A champion of clean-up drives and climate strikes, actor Bhumi Pednekar recently became a ‘Climate Warrior’ and called upon fellow countrymen to do the same. We caught up with the Bollywood actor to talk about her environment initiative, bucket-list destinations, and favourite travel memories. By Adila Matra
Concept Bhumi Pednekar
Photographs Laksheta Modgil Team
Team Bhaktee Modgil & Nimisha Tiwari
Tell us a little about ‘Climate Warrior’. How important is such an initiative in today’s world?
I have been very conscious about climate change since I was a little girl. I spent many nights thinking of it when I was a teenager. After I became an actor, my work and opinions regarding the crisis came to the forefront. Subsequently, my team at Yash Raj Films (YRF) and I decided to use my social media platform to communicate, and to celebrate the people who were actively working towards saving the planet. Climate Warrior is an attempt to change the thought process and help people recognise that climate crisis is the biggest threat that mankind has ever faced.
What are the challenges you face?
The biggest challenge is getting people to accept that there is a threat to our existence. I don’t think people understand that all the recent natural disasters and the frequency at which these are happening are something to be worried about. We think of it as a far-off phenomenon, but it is not. Major rivers are drying up, we are battling a pandemic, the ice caps are melting, and Arctic forests are on fire. Another thing we don’t understand is that these changes are irreversible.
In a post-COVID world, discarded masks and PPE kits pose a threat to the environment. What is your take on this?
People should not discard masks on the street. Set aside a place in your house to dispose of masks, and send them to a recycling plant as bio-hazardous waste. In Mumbai, the high tide throws up gloves and masks on the shore—it is a horrible sight.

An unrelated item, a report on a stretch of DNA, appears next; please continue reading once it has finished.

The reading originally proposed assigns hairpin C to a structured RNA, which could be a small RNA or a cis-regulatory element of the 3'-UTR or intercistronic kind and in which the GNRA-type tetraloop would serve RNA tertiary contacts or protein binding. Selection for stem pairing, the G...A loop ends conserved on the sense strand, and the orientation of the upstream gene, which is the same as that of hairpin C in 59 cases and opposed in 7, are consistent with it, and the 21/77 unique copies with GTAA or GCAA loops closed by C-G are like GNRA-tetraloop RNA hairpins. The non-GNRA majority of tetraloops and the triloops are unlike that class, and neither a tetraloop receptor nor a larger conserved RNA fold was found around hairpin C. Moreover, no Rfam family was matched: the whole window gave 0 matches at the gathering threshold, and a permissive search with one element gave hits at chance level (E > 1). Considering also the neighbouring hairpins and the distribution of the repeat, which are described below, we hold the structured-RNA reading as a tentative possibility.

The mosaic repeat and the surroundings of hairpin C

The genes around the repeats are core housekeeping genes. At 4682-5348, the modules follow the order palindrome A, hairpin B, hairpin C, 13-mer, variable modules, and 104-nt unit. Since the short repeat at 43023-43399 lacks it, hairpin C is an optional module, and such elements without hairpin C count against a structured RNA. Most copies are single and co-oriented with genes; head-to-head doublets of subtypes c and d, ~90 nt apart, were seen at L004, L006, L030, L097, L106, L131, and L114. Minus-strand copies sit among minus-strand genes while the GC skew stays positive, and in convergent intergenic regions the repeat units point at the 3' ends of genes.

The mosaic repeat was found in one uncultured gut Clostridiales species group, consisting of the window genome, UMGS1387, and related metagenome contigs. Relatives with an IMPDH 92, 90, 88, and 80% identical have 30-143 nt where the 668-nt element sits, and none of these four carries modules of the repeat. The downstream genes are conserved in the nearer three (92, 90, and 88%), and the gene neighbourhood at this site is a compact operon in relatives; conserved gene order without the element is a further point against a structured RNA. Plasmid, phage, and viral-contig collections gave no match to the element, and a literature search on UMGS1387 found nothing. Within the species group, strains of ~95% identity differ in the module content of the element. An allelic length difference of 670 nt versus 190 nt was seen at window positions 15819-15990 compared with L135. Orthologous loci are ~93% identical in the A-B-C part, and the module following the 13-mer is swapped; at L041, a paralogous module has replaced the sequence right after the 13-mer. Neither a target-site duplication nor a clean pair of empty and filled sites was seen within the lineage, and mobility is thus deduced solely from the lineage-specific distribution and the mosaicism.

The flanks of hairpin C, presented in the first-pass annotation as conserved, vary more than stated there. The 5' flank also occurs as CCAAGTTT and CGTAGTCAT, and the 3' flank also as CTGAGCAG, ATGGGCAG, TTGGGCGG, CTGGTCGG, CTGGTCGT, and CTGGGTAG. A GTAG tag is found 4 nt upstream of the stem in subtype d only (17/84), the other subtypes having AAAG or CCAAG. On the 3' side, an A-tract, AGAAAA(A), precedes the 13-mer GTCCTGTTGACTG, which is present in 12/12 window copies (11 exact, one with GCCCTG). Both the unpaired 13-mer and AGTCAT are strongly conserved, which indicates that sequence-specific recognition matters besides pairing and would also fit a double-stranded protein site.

What are the other sustainability practices you recommend?
Making basic adjustments can have a huge impact. Discard your plastic straw, use a bamboo toothbrush, try to not take long showers, plant a tree, cycle, walk, share your rides. These are adjustments we all can make. Until a few months ago, my family and I were the only ones in the building who segregated waste; now all the floors are doing it. Most of our plastic is sent to a recycling facility, and wet waste is turned into compost. This can go a long way because landfills are some of the most toxic places on earth.
What changes should we bring about in the way we travel to minimise the negative impact on the environment?
You can start with small things like carrying your own cutlery when you travel and being mindful of the waste you generate on a road trip. When you go shopping, try and opt for sustainable brands, support local businesses and those that are conscious about animal cruelty, water consumption, and child labour.
Do you think the ‘new normal’ will bring about innovations in the movie industry?
Sure, there are a lot of movies being released on OTT platforms. But I think one has to experience cinema in a theatre. I really hope they do open soon. I also feel technology is going to be our best friend.
You must have travelled widely for film shoots. Any experience/destination that stands out?
I had great fun shooting for Saand Ki Aankh in Johri village, Uttar Pradesh. I was there for two months—there were huge farms; we would pluck our own vegetables and cook on chulhas. Another enriching experience was shooting in Chambal for Sonchiriya. I have never seen terrain like that—the ravines are spectacular, and the river is so serene. We also stayed at a rustic heritage property that had been converted into a resort.
Which is your most memorable vacation?
My mom, sister, and I took a road trip from Mumbai to Haridwar around eight years ago. We have travelled the world since and before then, but nothing beats that trip.
In these times, it’s important to stay physically and mentally fit. What is your mantra?
I stay with my family, so my days are busy. Cooking, cleaning, organising, reading books, watching shows—there is a lot to do. Another thing that has kept me going since the first day of the lockdown is a workout routine. It makes me feel positive and happy, and I recommend that all of you try to squeeze some kind of workout into your routine every day. Even if it is 50 jumping jacks, it will make a huge difference to your mood.
What’s on your India bucket list?
I want to visit Gulmarg; I’ve heard wonderful things about it. I haven’t really explored the south of India, so Kerala is definitely on the list. I also want to explore the Seven Sisters, hopefully soon.
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